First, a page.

Looking backward at licensing; deja vu all over again?
In a post on 20 Feb 2015 titled --Study finds patent licensing rarely results in innovation --, Inman discusses the
Feldman/Lemley paper -- “Does Patent Licensing Mean Innovation?” --, using as an illustration the CIVIX-DDI patent matter:
In 2011, NAR negotiated a blanket licensing agreement with CIVIX-DDI LLC, a company that holds several patents on location-based Internet search techniques, after the company filed patent infringement lawsuits against two of the nation’s largest multiple listing services and demanded licensing fees from several others. NAR paid CIVIX a total of $7.5 million that it collected from Realtor associations, MLSs and MLS vendors to pay for a blanket licensing agreement that applied to the industry as a whole.
Inman had covered the matter in August 2011 in a post titled MLSs, Realtor associations pitch in $7.5M for patent license and had noted: -- The patents were issued in 2002, and the U.S. Patent & Trademark Office turned down requests for re-examination in May. --
Also in August 2011, the Techdirt blog discussed the CIVIX-DDI matter in a post titled -- Company Claims Patents On Generating A Map From A Database; Getting Real Estate Industry To Pay Up --
The first claims of the two patents asserted by CIVIX-DDI were both directed to a system, not a method. One notes that the later patent (US '291) has a shorter (and thus broader) first claim.
Patent 6,385,622: "System and methods for remotely accessing a selected group of items of interest from a database."
1. System for remotely determining the position of a selected category of items of interest in a selected geographic vicinity from a database, the system comprising
(A) a database for storing information about a plurality of items of interest, the information including, for each of the items of interest, a geographical position and at least one associated category,
(B) a communications link for communicating between a user of the system and the database,
(C) an information controller for transmitting a portion of the information in the database to the user via the link upon receipt of a request signal representative of a selected category and geographic vicinity, the transmitted portion of the information including identification of geographic position for at least one of the items of interest within the selected category and geographic vicinity, and
(D) a port for remotely accessing the portion of information via the link, the port generating the request signal in response to inputs by the user which are representative of the selected category and geographic vicinity, the port having a user interface for accepting the inputs and for indicating to the user the position at least one of the items of interest in the selected category and geographic vicinity.
Patent 6,415,291: "System and methods for remotely accessing a selected group of items of interest from a database."
1. A system for determining the position of one or more items of interest in a selected category, comprising:
a database for storing information about the items of interest, the information including, for each of the items of interest, at least one associated category and spatial detail defining a geographic position; and
a plurality of ports for accessing the database through the Internet, each port having a user interface for accepting inputs by a user of the system and for indicating to the user the geographic position of one or more of the items of interest, the user inputs defining the category associated with items of interest.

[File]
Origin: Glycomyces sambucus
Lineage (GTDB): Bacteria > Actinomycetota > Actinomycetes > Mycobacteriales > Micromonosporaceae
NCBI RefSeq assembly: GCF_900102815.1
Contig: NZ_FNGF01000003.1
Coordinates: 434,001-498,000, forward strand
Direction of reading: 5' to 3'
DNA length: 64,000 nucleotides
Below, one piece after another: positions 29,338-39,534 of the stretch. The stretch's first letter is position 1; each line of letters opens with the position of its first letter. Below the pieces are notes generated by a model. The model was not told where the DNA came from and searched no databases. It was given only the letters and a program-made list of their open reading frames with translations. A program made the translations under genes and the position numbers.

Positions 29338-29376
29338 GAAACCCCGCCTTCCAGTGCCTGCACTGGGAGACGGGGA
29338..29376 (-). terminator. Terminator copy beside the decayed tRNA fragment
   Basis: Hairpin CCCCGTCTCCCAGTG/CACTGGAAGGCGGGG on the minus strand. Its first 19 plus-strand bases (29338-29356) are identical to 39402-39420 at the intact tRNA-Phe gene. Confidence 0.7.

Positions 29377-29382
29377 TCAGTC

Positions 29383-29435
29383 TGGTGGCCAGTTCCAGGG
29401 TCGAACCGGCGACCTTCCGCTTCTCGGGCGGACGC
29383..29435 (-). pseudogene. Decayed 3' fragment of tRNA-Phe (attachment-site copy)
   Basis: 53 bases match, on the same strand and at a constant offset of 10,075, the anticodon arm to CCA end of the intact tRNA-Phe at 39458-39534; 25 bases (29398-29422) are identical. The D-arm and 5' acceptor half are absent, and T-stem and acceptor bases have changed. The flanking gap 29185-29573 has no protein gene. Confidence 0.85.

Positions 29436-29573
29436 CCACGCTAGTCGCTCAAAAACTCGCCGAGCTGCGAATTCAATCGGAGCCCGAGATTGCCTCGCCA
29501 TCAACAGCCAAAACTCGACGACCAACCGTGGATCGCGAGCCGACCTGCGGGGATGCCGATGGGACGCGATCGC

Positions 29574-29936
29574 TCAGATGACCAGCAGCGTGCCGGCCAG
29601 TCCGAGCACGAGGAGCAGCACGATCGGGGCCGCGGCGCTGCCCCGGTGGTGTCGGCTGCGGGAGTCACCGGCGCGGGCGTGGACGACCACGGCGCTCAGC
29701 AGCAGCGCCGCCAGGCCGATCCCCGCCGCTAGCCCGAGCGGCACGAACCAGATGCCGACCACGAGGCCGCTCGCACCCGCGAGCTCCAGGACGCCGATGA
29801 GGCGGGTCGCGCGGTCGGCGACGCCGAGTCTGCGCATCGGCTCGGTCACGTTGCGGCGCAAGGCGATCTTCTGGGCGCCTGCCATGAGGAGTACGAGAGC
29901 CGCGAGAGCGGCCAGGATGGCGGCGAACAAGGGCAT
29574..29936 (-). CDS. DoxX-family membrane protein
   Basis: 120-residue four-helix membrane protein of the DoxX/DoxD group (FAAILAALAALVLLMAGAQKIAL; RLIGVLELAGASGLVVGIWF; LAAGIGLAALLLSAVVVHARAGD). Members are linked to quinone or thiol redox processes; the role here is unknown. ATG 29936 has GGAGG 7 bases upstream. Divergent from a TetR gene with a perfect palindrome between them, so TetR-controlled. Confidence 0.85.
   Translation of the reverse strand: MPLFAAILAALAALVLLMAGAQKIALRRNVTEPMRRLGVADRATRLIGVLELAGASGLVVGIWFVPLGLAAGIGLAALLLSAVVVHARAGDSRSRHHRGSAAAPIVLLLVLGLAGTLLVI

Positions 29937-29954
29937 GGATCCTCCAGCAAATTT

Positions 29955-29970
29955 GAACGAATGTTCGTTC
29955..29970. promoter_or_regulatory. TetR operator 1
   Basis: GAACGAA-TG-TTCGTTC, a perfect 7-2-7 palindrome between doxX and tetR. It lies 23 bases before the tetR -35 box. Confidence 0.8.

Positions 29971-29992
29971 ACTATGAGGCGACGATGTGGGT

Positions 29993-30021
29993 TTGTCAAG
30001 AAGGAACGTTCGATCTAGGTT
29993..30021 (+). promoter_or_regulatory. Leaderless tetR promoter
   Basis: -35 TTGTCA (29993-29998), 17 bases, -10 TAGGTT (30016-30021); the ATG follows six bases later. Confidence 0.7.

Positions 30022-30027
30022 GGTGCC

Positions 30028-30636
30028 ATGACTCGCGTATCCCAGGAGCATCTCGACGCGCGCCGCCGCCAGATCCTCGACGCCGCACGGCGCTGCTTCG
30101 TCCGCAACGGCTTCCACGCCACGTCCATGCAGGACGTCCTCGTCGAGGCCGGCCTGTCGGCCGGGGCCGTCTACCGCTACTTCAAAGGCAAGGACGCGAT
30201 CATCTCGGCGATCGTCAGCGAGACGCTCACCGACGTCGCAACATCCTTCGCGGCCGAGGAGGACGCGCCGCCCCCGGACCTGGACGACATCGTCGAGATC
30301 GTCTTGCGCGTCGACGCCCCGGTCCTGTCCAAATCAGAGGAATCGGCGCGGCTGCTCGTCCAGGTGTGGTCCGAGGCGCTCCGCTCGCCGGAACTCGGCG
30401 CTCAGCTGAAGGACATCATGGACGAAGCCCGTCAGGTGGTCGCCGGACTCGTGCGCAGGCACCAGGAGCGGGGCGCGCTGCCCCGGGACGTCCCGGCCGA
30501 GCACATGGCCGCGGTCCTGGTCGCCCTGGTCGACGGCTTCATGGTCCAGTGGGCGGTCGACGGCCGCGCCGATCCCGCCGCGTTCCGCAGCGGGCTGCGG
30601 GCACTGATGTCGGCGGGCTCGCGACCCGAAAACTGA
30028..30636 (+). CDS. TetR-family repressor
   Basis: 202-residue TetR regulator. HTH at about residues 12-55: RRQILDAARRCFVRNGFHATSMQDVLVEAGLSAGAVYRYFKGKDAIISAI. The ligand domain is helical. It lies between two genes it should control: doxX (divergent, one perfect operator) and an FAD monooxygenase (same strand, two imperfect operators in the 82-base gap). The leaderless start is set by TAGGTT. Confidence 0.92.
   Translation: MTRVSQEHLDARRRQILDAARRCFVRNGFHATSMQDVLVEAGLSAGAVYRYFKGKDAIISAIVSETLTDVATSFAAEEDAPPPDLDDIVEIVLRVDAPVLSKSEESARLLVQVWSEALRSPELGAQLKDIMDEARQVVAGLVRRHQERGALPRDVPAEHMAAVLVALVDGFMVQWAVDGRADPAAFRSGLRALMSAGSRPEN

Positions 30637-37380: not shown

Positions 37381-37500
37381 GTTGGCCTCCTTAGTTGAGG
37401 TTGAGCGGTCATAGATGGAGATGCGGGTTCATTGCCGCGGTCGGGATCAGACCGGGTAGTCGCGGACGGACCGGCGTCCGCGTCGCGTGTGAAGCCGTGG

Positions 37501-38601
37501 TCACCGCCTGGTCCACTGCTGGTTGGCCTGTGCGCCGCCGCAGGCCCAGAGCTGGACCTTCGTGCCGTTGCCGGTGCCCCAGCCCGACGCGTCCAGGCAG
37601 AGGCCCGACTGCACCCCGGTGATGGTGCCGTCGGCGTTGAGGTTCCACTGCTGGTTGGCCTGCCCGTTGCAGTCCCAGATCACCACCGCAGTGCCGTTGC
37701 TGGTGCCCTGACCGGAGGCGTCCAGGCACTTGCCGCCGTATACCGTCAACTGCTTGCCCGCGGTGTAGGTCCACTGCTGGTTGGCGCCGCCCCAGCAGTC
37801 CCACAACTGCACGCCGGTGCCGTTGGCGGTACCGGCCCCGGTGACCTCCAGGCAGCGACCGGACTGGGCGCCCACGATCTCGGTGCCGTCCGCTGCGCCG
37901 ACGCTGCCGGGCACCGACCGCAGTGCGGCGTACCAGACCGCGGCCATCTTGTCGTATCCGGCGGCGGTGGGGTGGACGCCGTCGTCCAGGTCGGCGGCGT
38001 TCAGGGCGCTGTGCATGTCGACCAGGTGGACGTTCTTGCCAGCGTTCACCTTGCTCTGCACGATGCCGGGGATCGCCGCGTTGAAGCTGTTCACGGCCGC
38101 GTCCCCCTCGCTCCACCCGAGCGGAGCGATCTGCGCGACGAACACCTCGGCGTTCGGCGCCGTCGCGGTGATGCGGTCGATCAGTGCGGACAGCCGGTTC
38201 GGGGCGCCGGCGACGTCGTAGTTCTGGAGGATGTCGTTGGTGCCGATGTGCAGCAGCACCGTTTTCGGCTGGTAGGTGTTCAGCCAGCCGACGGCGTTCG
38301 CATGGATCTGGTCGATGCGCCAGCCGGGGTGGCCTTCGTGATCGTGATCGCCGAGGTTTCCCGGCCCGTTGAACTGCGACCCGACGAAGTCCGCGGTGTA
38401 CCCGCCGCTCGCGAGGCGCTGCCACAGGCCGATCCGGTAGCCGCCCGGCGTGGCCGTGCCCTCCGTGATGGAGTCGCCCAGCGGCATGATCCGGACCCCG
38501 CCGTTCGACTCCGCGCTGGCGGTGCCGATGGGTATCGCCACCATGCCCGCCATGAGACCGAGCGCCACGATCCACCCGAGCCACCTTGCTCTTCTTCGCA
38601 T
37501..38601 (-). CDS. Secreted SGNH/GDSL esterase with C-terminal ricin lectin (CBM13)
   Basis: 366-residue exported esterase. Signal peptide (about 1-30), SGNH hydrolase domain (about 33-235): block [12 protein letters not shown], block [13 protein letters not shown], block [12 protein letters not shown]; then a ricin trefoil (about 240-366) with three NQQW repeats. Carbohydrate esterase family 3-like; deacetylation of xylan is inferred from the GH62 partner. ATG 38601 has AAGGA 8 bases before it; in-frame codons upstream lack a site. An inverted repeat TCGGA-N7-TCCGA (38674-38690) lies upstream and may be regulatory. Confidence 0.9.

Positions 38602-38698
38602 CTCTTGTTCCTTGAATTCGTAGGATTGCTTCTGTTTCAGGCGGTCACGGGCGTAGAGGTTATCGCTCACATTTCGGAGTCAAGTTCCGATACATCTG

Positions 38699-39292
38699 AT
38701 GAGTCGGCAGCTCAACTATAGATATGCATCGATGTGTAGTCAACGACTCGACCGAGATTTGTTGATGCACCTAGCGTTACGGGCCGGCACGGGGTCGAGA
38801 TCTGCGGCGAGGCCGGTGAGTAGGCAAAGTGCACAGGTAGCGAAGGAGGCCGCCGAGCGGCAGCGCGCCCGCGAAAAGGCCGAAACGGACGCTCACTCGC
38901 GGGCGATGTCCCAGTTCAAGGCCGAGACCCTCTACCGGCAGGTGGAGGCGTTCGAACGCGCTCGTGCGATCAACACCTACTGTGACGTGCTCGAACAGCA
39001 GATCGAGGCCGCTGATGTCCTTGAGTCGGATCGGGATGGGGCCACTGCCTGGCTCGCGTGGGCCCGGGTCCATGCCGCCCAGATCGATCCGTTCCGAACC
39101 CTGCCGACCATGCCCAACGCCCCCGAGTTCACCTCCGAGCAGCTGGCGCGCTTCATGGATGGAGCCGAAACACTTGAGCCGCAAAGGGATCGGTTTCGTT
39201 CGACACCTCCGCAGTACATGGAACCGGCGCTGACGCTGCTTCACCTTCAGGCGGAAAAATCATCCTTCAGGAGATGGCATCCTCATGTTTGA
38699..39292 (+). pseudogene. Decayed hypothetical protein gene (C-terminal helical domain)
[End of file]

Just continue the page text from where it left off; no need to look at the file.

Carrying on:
The Techdirt post asserted the claims to be obvious: -- Now, I know that patent system supporters always get angry at me for declaring patents obvious, but take a read through the claims (not the abstract) and I defy anyone who knows anything about programming to explain how these patents do not describe incredibly obvious concepts. --
Returning to the Feldman/Lemley thesis (licensing does not promote innovation), one asks the simple question: if the concepts were obvious, why was no one using them prior to the filing of the patent applications, which would have been a basis for invalidating the patents?
The 2015 Inman post noted: -- What may come as a surprise is that the [Feldman/Lemley] study found patent licensing doesn’t seem to do much to fuel innovation, regardless of whether it’s “patent trolls” or other patent holders like universities seeking the licenses. --
"Looking backward" in time one recalls that the famous 1911 decision in the Ford case said pretty much the same thing about the Selden patent (filed in 1879). There is nothing new going on in the 21st century that didn't happen in the 20th century as to "patent assertion." The licensing aspect in the Ford case was a bit different though.
The initial "targets" for licensing of the Selden patent ultimately recognized their power and got control of the patent
(e.g., ALAM). The Selden patent was challenged by Ford, who had been DENIED a license. The Selden patent was never found invalid, but was found not to be infringed by Ford (or his customers or dealers; lawsuits were more aggressive in the early 1900's; customers were sued!)
In a fact pattern such as that presented by CIVIX-DDI, ALL of the targets for licensing should have grouped together, as happened in the early 20th century and create an economic resolution.
As to the thesis promoted by Feldman/Lemley, it is not clear that the concept in the CIVIX patents was not an innovation.
An innovation is something that changes the way we live, and need not be an invention.
Yes, LBE is alluding to the book "Looking Backward" by lawyer Edward Bellamy. Published in 1888, it was number three on the best sellers of the time, and has some themes quite related to the Feldman/Lemley conjecture.
See the article titled "Looking Backward," at page 20 of Intellectual Property Today [IPT] in June 2001.